11-16

vaapii kuupa tadaagaanaam aaraamsu ravesmanaam

uchcheedane niraasankaha sa vipro mlechcha uchyate

11-16

 

(Real meaning of Mlecha is reflected in it; Foreigners distort the meaning  and attribute it to Dravidians, aborigines etc. But Mlechas are foreigners who destroyed Hinduism and India; in short Anti Hindus are called Mlechas; it is in Sangam Tamil literature as well.)

 

xxxx

Chandala/ outcaste Brahmin

A Brahmin who steals the money given as an offering to gods as also to teachers, outrages the modesty of the wives of others, and can get along with all kinds of people is called Caandaala

11-17

devadravyam  gurudravyam paradaaraabhimashanam

nirvaahaha sarvabuteshu viprascaandaala uchyate

11-17

Foreigners always distort the meaning of Chandala and the real meaning is Anti Social elements, immoral elements and thieves.

 

xxx

 

Feed the Brahmins

That is the food which is the left over of the Brahmins, friendship is that which is cultivated for the sake of others, wisdom is that which does not commit sin (= Which does not allow one to commit sin), Dharma is that which is followed with no show.

15-8

tad bhojanam yad dwija bukta sesham

tat sauhrudam yat kriyate parasmin

saa praakjnataa yaa na karoti papam

dambam vinaa yaha kriyate sa dharmaha

15-8

Since Chanakya and Manu insist that Brahmins should not save or accumulate money and ask them to beg for ever, Chanakya asks everyone to feed them; unless Brahmins are in begging condition, they would be lazy and woudn’t  go to any distant place for performing Yagas and Yajnas. If they are in begging condition, they would happily travel from village to village for getting Dakshina (fees). They are not allowed to save money like we save today.

 

Looking at the strict conditions Chanakya places, not many people can claim Brahminship today!

 

Source Book for verses: Canakyaniti, Translated by Satya Vrat Shastri

 

xxx SUBHAM xxxx

 

 

 

 

WHY DO WE LIGHT LAMPS AT HOME? (Post No.4657)

Written by London Swaminathan 

 

Date: 24 JANUARY 2018

 

Time uploaded in London – 17-53

 

Post No. 4657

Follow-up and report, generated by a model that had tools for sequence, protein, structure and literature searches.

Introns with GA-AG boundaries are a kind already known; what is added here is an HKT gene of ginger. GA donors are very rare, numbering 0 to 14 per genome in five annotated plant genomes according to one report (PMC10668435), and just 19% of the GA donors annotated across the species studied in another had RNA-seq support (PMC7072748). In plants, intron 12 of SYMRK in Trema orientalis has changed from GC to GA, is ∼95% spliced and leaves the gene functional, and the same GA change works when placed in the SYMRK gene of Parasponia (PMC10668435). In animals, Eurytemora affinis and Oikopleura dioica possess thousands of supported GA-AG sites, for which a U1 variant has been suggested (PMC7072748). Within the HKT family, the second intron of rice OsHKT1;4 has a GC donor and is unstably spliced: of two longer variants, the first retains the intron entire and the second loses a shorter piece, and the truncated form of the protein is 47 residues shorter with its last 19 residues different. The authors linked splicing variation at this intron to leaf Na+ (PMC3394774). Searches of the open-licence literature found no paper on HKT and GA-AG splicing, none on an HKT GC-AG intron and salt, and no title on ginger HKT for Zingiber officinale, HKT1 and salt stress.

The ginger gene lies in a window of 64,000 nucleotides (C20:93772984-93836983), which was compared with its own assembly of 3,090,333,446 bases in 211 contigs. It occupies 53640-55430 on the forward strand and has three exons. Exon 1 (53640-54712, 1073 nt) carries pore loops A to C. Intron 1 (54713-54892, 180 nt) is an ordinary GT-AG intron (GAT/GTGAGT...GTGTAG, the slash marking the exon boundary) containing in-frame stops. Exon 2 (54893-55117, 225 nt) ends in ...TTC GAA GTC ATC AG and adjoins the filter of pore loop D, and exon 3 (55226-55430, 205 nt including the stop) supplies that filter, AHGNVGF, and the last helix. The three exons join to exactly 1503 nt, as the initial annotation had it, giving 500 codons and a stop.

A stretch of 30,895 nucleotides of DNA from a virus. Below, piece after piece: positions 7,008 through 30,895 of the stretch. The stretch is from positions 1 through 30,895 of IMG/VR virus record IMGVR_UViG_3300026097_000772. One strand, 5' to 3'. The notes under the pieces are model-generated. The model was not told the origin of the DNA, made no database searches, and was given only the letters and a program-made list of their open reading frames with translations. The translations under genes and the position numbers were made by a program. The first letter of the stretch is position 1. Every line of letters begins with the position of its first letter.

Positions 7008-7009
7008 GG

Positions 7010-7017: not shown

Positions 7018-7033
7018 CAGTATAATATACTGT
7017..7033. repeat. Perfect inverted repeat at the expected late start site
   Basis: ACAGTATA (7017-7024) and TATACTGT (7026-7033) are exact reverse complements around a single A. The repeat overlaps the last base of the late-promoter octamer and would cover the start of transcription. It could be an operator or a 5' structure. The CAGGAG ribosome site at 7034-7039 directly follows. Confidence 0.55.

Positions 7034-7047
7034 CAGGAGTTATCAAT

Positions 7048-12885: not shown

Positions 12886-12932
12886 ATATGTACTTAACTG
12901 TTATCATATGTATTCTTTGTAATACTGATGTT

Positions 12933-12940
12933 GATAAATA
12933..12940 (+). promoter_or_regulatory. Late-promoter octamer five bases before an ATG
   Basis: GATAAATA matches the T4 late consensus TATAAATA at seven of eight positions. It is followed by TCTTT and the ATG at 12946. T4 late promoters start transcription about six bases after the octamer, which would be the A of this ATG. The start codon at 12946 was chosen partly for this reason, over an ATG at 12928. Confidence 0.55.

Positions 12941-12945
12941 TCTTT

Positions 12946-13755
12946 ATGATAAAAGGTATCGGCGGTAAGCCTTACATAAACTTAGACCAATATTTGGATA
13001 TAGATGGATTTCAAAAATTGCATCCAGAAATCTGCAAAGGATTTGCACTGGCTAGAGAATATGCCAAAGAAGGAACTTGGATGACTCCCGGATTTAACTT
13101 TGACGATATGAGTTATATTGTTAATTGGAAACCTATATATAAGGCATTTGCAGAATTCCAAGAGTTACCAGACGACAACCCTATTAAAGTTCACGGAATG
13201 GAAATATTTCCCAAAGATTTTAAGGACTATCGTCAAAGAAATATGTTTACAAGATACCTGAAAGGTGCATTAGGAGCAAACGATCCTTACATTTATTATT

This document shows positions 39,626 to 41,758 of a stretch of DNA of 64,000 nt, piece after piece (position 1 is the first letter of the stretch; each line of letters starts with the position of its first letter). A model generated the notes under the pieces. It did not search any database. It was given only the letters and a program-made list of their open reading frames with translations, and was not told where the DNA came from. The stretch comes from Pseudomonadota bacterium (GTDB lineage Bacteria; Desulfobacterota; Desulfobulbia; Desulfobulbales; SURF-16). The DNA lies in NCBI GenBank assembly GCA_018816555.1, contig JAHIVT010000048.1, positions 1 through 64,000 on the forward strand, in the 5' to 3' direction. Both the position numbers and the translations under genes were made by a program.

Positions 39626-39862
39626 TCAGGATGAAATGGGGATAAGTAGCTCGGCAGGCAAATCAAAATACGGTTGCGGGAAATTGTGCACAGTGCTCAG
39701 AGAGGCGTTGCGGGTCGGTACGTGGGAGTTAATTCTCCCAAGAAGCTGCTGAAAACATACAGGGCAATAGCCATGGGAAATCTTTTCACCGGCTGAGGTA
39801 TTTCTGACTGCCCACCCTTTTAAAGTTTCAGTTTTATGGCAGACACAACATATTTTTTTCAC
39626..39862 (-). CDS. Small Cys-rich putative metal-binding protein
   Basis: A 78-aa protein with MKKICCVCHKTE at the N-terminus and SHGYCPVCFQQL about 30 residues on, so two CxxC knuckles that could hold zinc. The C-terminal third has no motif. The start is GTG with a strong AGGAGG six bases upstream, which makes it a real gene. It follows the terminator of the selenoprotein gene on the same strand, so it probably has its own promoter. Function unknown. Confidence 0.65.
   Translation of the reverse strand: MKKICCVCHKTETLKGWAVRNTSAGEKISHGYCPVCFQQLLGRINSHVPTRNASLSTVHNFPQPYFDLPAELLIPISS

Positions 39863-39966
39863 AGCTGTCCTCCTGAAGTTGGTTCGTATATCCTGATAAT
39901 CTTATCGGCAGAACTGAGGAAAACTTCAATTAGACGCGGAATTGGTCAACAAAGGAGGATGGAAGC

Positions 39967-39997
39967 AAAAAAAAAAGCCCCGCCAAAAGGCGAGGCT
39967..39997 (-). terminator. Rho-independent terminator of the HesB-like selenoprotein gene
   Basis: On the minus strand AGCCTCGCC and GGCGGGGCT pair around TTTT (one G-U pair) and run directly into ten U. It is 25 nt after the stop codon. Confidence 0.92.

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There are two stories in Tamil Nadu about lighting a lamp in the house when the sun sets. Even today most of the Tamils follow it despite electric lights in every room of a house. We do follow it in London despite the fire hazards.

 

In the days before electricity came to Indian towns and villages it was a must. But even today people follow the ancient custom of lighting the traditional lamp in the prayer room or a corner of a house.

 

To illustrate the importance of it there are some folk tales. Mr Natesa Sastri was a scholar who collected them from old people and published them in 1886 in Tamil and English. But I give below my own translation.

 

There was a farmer in a village who had two daughters. One of them got married locally and another was married to a Sozian ( a man form Chola country) in a nearby town. The eldest one who was married locally lost her husband and father in course of time. She had no issue. She made her living by working in the paddy fields. She had an unusual habit of consuming a large quantity of food i.e two measures of rice every day. Actually, ten people can eat in two measures of rice. (A Tamil measure is bigger than one litre). She was very shy and so she did not tell anyone about it and never sought a reason for it.

One day the eldest one felt sick. Sozian’s wife visited her elder sister. It was getting darker and the sun had set. The eldest one started cooking by adding an extra half a measure  because of her younger sister’s visit.

 

Two things surprised her younger sister. Firstly, two and half measures of rice for two people! Secondly, cooking in a pitch dark place. She slowly spoke to her elder sister. She asked why she was cooking in a pitch-dark place and why she cook for ten to twelve people. Her elder sister answered her saying that she had no money to buy oil and more over she was eating two measures of rice every day and she did not know why.

Then her younger sister insisted she must go and get some oil for the lamp, otherwise she could not stay there for night. At last she went out and got some oil for half a measure of rice and lighted the lamp and finished the cooking. When both of them felt contented after eating they saw three fourth of their rice was still in the cooking pot. While both of them were wondering how was it that after eating little they felt full in stomach.